On the other hand, if you do not plan to bring in investors or go public, the difficulties in converting your LLC and maintaining a corporation are not likely to be worth the effort. It is not necessary to change the structure of your business to grow or increase profits, and you will find many large and successful enterprises that continue to operate as LLCs.
If you've decided that conversion to a corporation makes sense for your LLC, here's what you are in for. The paperwork and process for converting your LLC will depend on the laws of the state where you formed your company. In all states, the LLC members must approve the change and create a plan for conversion, which will detail how member ownership will convert into shares of stock. After conversion, the members become the shareholders of the corporation, and the owners transfer all assets and obligations of the LLC to the corporation. The three options for conversion are:
Statutory Conversion: Some states allow for "statutory" conversion, which refers to a law that creates a streamlined process for changing the business structure. In states that provide this option, you change an LLC to a corporation by filing conversion forms with the Secretary of State. When the Secretary approves your filings, the state dissolves the LLC and transfers debts and obligations to the corporation. You do not file separate paperwork to form the corporation.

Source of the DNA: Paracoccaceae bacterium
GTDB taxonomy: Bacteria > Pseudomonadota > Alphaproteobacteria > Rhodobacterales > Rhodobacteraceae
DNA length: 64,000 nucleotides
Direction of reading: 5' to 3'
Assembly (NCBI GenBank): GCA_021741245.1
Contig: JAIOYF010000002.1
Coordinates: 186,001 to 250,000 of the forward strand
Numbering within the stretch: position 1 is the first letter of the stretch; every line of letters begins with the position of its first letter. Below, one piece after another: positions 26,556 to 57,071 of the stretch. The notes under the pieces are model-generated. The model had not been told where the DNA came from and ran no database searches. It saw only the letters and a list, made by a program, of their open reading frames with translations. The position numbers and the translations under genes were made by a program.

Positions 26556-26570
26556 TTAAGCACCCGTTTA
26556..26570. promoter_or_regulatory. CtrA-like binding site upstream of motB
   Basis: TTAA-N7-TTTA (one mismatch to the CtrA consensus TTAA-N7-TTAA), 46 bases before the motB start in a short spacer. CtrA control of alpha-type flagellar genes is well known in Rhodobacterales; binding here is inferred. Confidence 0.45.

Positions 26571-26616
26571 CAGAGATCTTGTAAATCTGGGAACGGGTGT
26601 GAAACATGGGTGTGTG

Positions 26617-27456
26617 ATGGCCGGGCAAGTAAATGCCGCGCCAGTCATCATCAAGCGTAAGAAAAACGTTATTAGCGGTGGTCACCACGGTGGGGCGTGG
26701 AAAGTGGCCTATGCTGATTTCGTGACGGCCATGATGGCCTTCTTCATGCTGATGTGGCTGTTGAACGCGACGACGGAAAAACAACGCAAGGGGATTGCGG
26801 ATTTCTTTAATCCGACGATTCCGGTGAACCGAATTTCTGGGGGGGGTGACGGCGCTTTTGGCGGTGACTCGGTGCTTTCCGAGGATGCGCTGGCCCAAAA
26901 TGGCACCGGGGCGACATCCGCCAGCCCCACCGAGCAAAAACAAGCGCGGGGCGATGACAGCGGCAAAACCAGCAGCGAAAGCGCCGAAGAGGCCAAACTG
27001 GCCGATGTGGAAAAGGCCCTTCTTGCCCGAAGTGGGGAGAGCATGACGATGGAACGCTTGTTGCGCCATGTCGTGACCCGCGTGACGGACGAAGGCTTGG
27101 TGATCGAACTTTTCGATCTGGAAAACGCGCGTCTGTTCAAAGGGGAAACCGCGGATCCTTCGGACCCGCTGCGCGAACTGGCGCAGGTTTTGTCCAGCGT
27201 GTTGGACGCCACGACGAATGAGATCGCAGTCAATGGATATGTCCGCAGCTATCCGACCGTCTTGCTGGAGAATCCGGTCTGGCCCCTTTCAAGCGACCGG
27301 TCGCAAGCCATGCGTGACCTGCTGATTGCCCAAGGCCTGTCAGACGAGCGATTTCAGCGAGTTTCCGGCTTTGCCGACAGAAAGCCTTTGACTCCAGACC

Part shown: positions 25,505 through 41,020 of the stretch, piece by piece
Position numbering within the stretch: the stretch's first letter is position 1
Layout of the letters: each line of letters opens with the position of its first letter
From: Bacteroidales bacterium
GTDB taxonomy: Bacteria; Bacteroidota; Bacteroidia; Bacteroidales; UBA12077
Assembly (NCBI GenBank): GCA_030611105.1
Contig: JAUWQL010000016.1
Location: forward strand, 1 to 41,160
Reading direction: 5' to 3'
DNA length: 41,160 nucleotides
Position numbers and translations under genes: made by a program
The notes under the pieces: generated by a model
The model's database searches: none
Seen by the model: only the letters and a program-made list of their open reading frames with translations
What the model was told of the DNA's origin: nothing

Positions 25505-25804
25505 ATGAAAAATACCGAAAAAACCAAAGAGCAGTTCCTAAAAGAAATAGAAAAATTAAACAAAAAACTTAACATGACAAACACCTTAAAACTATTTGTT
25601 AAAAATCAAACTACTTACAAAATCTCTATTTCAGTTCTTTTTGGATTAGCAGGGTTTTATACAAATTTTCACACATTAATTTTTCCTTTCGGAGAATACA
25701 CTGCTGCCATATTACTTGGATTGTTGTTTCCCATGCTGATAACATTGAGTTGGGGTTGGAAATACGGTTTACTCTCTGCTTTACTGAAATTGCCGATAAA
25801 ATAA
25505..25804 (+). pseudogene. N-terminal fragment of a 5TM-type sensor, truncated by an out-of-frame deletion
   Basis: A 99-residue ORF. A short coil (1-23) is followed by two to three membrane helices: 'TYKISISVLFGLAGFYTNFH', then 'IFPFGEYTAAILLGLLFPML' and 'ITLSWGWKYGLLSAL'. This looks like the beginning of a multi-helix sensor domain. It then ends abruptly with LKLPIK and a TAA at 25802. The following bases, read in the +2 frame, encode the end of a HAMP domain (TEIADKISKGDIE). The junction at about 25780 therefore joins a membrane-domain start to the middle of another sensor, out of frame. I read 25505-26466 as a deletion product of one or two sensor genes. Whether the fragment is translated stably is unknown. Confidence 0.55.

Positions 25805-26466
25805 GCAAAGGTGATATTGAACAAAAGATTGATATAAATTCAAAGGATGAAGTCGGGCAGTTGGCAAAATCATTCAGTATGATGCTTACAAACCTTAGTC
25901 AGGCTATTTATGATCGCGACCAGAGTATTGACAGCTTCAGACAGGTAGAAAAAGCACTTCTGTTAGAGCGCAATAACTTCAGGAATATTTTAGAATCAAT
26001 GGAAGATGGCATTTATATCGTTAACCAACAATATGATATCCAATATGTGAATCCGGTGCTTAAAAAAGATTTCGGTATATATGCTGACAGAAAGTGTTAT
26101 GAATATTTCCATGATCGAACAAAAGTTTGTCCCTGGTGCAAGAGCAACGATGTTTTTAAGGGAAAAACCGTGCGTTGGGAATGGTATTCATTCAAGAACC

Statutory Merger: If your state does not allow for conversions, you might be able to pursue a merger, which is a more complex process. First, you form a new corporation and list your LLC members as shareholders. Afterward, you'll file a certificate of merger and then file forms to dissolve the LLC. The assets and obligations of the LLC will transfer to the corporation.
Non-statutory merger: Under this option, you do not follow one of the state-created processes. Instead, you form a new corporation, issue corporate shares to LLC members, transfer LLC assets, and then dissolve the LLC. Because you can run into complications when transferring assets and liabilities, it is best to consult with an attorney to pursue a non-statutory merger.
Whether you pursue a conversion or a merger, you must follow the steps for forming a new corporation, including:
Once your corporate conversion is complete, you will have new corporate formalities to follow, including the need to hold regular meetings of directors and shareholders, maintain corporate minutes, and file annual reports with the state.
In many cases, the business will not owe taxes for converting. However, if you transfer more or less than all of the LLC's assets to the corporation, or if the members of the LLC are not the shareholders of the new corporation, you might be responsible for additional taxes and filings. Consult with an accountant or tax attorney to determine your filing requirements.
Instead of changing your LLC to a corporation, you can file paperwork with the IRS to elect S Corporation or C Corporation tax status. With this option, you would still run your business as an LLC, but you will pay taxes as a corporation. While this will not allow you to issue stock or go public, you can enjoy the benefits of corporate taxation, such as avoiding self-employment tax on a portion of the business profits. Click here too read more about electing corporate tax status.